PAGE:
ONE of the best perks of reporting is the opportunity to meet some of the most riveting, charismatic and enthralling personalities — characters that leave the hair on the back of your neck standing long after the interviewer and interviewee have parted ways. Sheera could easily fit into the category of persons you're least likely to forget, largely in part because she has chosen a life for herself which many would consider crazy and taboo and which few would dare to even experience. She pushes the envelope on what society regards as normal and acceptable.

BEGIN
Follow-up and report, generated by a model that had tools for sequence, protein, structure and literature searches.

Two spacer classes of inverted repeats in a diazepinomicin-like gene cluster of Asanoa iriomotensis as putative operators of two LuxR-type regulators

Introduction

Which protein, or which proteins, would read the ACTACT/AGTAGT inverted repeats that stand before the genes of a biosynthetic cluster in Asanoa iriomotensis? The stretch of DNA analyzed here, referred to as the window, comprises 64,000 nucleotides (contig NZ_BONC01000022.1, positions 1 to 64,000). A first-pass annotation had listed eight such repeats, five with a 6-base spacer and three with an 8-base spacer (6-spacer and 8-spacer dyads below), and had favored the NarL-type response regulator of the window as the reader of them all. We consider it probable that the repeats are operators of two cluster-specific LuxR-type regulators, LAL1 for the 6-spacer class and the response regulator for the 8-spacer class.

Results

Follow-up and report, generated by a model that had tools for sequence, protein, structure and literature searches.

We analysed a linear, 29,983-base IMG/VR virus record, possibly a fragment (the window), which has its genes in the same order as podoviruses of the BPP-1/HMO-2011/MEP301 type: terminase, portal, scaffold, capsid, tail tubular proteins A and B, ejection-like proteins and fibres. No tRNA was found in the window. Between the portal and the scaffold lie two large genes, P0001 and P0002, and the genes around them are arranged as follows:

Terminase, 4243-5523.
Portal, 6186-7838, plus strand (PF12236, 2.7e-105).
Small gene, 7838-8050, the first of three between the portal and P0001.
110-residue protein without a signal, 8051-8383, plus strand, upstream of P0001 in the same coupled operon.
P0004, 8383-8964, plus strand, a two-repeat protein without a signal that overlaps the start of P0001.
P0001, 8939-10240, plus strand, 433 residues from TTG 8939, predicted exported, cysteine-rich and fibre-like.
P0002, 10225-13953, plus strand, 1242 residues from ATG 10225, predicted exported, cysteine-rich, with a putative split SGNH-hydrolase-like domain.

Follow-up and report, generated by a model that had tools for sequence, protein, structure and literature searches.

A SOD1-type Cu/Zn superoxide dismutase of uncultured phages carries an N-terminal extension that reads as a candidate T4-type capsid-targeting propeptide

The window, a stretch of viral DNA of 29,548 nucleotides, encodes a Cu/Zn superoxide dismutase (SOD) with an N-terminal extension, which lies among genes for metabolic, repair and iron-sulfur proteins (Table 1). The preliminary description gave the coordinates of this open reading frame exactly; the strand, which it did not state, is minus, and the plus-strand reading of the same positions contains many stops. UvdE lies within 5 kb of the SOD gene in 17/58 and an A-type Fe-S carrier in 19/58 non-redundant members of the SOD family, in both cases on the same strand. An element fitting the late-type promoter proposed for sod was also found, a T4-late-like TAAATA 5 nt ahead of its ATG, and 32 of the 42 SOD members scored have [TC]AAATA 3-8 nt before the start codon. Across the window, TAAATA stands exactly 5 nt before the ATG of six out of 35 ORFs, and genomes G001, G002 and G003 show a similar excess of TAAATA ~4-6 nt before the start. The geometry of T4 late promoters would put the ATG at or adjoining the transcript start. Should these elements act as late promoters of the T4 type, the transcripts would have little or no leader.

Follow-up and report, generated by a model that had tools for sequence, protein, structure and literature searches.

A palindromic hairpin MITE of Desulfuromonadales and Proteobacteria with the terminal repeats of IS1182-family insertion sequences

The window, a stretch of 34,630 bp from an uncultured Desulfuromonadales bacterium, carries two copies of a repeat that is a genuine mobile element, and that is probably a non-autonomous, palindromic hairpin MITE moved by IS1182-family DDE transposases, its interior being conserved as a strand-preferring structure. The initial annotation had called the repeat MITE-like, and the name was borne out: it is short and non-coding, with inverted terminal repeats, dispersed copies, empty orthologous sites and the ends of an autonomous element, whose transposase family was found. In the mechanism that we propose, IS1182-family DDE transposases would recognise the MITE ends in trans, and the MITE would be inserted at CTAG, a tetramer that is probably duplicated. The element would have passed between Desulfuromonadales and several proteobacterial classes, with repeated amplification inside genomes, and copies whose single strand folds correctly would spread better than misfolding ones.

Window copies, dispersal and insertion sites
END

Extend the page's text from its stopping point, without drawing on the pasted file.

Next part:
Sheera is like no one you've ever seen before. On the day we met, she wore tall purple headress and combat-style boots laced up to mid-calf. A small tattoo in the shape of a symbol bridges her eyebrows and she has a small tattoo on either cheek. Her otherworldly appearance reminds me of a character that has escaped from a fantasy novel. While sweating in the midday heat, I made a careful study of her mannerisms and facial expressions. If she felt my eyes piercing through her, she never let on. She sat motionless, staring into the lens of a camera as she and her husband Jakatan were being filmed by a French crew for an upcoming documentary on their lives. What makes this film extra special is that it sheds light on a world the rest of us don't read or hear about every day. This year makes it 24 years that Sheera, Jakatan and their four children have been living in the forests of Grande Riviere. Call them extreme or eccentric — their lifestyle has won them many critics, but Sheera and Jakatan make no apologies. Her transition from Eunice Edris Romney of Cap-de-ville, Point Fortin, to 'Sheera, keeper of the forests' began in the late 1980s and was born out of personal heartache.